And I now wear progressive glasses.
And I had on my baseball cap.
Laying on the mat, the first problem was that I couldn’t roll my head back far enough. The bill of the baseball cap completely blocked my view but, since the line was “hot”, I couldn’t shed the over-the-head hearing protection to take it off. So I pushed the cap up and back as far as I could.
Then, I could see the dot except there were to of them: one through the top of the progressive lense, and a second one completely above the lense.
Since the dot shows where the bullet is going to land and because both views were showing the same position of the dot within the scope, I figured it didn’t matter which one I used. The dot above the lense, however, was decidedly clearer as I wasn’t looking through oil left on the top of the lense by my bushy, and oily, eyebrows.
I decided to use the “above the lense” (clear) dot.
Even so, I just could not get down all the way while keeping my head back far enough to shoot. I ended up slightly elevated on my elbows with the gun about 9″ off the mat. I fired both right- and left-handed strings that way but tried not to look at the target when it came in. I’m sure it wasn’t pretty.
The Newport indoor range has 8 bays and all were in use for the first relay in which I shot. A second group was waiting to come in when we finished but had a couple of positions open. I had another box of 50 rounds and asked if I could shoot again?
“Just pitch another buck for the targets and get ready,” Bob said.
Thirty rounds and another relay later, we were done.
Bob had me put the Ruger back in the range safe and lock it.
“Put the ears in there,” he said pointing to a cabinet in the kitchen.
I washed my hands, thanked Bob and said I’d be back on Wednesday.
Wednesday Evening “Fun Shoot”
It was hard not to arrive early.
My class had finished on time at 4:30PM, I’d had a light (fast) dinner somewhere forgettable, and had nothing to do until the competition. To kill time, I explored the countryside but found myself going past the range several times. Finally I saw some cars in the parking lot so I pulled in and stopped.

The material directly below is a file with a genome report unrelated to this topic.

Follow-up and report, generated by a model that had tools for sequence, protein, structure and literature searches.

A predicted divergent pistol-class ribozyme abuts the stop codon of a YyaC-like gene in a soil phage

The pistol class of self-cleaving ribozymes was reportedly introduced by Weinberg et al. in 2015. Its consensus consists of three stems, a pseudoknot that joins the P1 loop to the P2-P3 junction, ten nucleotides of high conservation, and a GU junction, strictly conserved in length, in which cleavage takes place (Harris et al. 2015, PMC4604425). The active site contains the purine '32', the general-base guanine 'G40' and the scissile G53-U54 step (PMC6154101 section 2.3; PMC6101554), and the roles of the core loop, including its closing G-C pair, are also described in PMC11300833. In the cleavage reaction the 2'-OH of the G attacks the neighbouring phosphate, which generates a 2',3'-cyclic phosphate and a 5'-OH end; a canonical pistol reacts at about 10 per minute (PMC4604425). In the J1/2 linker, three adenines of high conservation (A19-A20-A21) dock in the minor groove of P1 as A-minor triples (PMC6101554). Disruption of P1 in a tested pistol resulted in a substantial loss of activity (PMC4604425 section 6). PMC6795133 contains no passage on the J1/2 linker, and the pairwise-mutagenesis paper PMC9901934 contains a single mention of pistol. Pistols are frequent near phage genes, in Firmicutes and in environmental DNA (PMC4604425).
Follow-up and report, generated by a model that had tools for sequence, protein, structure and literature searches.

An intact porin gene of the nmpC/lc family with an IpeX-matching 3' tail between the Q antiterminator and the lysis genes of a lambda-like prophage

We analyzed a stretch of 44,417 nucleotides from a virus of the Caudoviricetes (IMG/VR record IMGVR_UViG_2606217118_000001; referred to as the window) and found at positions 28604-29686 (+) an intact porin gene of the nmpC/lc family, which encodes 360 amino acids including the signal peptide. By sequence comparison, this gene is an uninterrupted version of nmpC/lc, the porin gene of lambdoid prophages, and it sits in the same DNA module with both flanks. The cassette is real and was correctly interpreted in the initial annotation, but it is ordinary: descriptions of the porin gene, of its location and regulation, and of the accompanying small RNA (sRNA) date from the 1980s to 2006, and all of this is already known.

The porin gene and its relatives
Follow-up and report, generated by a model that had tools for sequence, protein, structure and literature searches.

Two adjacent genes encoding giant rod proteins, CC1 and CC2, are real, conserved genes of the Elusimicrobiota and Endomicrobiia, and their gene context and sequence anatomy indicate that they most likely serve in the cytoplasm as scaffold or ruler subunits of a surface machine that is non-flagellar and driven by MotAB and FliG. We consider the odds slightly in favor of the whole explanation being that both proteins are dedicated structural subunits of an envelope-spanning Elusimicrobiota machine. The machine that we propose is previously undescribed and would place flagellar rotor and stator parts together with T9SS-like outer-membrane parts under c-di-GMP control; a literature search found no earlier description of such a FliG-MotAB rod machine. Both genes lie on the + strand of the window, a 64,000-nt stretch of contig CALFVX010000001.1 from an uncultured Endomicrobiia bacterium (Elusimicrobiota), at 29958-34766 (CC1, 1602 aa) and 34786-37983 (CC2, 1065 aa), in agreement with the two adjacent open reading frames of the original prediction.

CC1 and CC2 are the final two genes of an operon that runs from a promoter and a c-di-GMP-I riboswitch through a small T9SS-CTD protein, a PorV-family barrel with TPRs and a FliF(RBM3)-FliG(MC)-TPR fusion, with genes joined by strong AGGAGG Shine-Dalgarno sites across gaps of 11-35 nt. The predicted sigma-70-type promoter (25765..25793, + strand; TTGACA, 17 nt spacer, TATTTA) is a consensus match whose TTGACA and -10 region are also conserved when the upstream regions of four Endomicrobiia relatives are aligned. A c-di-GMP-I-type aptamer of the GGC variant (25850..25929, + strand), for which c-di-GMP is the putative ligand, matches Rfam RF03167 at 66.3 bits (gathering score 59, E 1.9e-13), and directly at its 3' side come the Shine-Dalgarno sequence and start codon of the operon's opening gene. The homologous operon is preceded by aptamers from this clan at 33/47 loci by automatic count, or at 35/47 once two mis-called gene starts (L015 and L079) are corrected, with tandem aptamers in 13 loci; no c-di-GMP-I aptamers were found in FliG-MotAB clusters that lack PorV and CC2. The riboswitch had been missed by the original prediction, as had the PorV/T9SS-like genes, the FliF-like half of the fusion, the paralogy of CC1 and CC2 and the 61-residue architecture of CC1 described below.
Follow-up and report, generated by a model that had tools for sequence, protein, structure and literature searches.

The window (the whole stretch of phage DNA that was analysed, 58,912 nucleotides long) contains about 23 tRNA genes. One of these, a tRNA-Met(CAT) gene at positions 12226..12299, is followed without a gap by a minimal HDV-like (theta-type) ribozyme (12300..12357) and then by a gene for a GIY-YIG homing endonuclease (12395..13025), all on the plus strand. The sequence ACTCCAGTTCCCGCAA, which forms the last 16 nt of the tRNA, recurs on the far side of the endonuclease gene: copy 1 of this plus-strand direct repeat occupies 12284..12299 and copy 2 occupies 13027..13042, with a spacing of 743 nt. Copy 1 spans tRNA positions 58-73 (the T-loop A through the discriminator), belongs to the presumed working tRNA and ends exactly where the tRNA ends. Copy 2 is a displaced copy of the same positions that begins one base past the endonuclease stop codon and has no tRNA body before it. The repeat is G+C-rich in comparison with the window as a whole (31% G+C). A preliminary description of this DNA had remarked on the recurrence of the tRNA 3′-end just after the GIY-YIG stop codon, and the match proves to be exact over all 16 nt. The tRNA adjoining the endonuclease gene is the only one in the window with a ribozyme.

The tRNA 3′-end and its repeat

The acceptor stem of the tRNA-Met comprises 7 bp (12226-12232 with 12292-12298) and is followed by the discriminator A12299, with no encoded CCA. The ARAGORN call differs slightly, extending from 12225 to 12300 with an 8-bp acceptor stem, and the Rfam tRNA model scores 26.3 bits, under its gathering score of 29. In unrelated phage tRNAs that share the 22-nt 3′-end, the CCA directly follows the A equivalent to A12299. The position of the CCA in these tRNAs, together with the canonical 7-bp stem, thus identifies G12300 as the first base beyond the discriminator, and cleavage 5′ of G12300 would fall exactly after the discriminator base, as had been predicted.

Bob was again getting everything ready as I entered and, again, I found “enthusiastic” to be the operative word to describe him.
“OK if I shoot the same Ruger, Bob?” I asked.
“Hi, Ed! Sure. You know the routine. We’re shooting a regular National Match Course tonight. Standard Bullseye. See you on the line.” Bob went back to work helping other shooters.
That’s all I needed to know.
I paid my three bucks for one box of 50 rounds — I’d just shoot the one relay tonight — a dollar for targets and a dollar as visitor and signed the sign-up sheet. The gun safe was open as was the cabinet with ears. I picked up everything and moved to the same position at the indoor range I’d used last time.
There were a lot more gun boxes on the line Wednesday than there had been on Monday.
These are Bullseye shooters, I thought to myself. I’ll have to concentrate and do this right so I don’t embarass myself too much. Shooting different guns each week does make for an added level of difficulty but the club’s Ruger felt like mine. I was hoping to shoot my Indoor Expert classification that evening.
In my first Slow Fire string, all my shots landed about an inch to the left of center. This is a chronic problem for me. I’ll get everything working and shots hitting center and then something will change and they all move left.
Lucky for me, Bob had also noticed.
He came up and said, “You have an awful lot of finger in there and that’ll push your shots left. Move it out some and see what happens.”
Sure enough, the shots moved back where they were supposed to be going!
But ten rounds later, the same thing was happening even though my trigger finger was in the new place. If I kept moving the finger farther and farther, pretty soon it would be completely out of the trigger guard and pointed toward Maine.
Something else was going on.
Bob was right about the finger position but now I’m not coming straight back with the pressure. I’m pushing it like I do a mouse button, “down” which translates to “toward the left”. I need to move it straight back, instead.
“Straight back,” was my mantra for the next string in what was by then the Timed Fire target and … the shots came back into the center of the target.
But that long roll of the Volquartsen trigger still takes practice. Once it starts moving, the best thing to do is just keep coming straight back until it goes, “Bang!” So I hung in there through the two Rapid Fire strings with my finger in the new position and trying to come straight back with the pressure while keeping the trigger moving through that long roll.
I’d hoped to shoot my classification that evening and I did, but just barely.
My targets were 88, 92-1 and 91-0 for a total of 271-1. The expert classification starts with a score of 90% of the maximum and, for the three target NMC, that is 270 points. With 271, I’d made it with one point to spare. (A few more Xs would’ve been nice but that’ll have to wait until “next time.”)
Regardless, I was pleased to have received a tip from an expert that had fixed a long-standing problem, to have identified another problem and its solution on my own, to have shot my classification in a strange place with someone else’s gun, and to have had a real nice evening that was much more enjoyable than flipping channels on the hotel room’s TV.
Thanks, Bob. That was great!
P.S. – Hint to other clubs struggling to keep or start a Bullseye program: Go to Rhode Island and watch Bob. He’s the secret.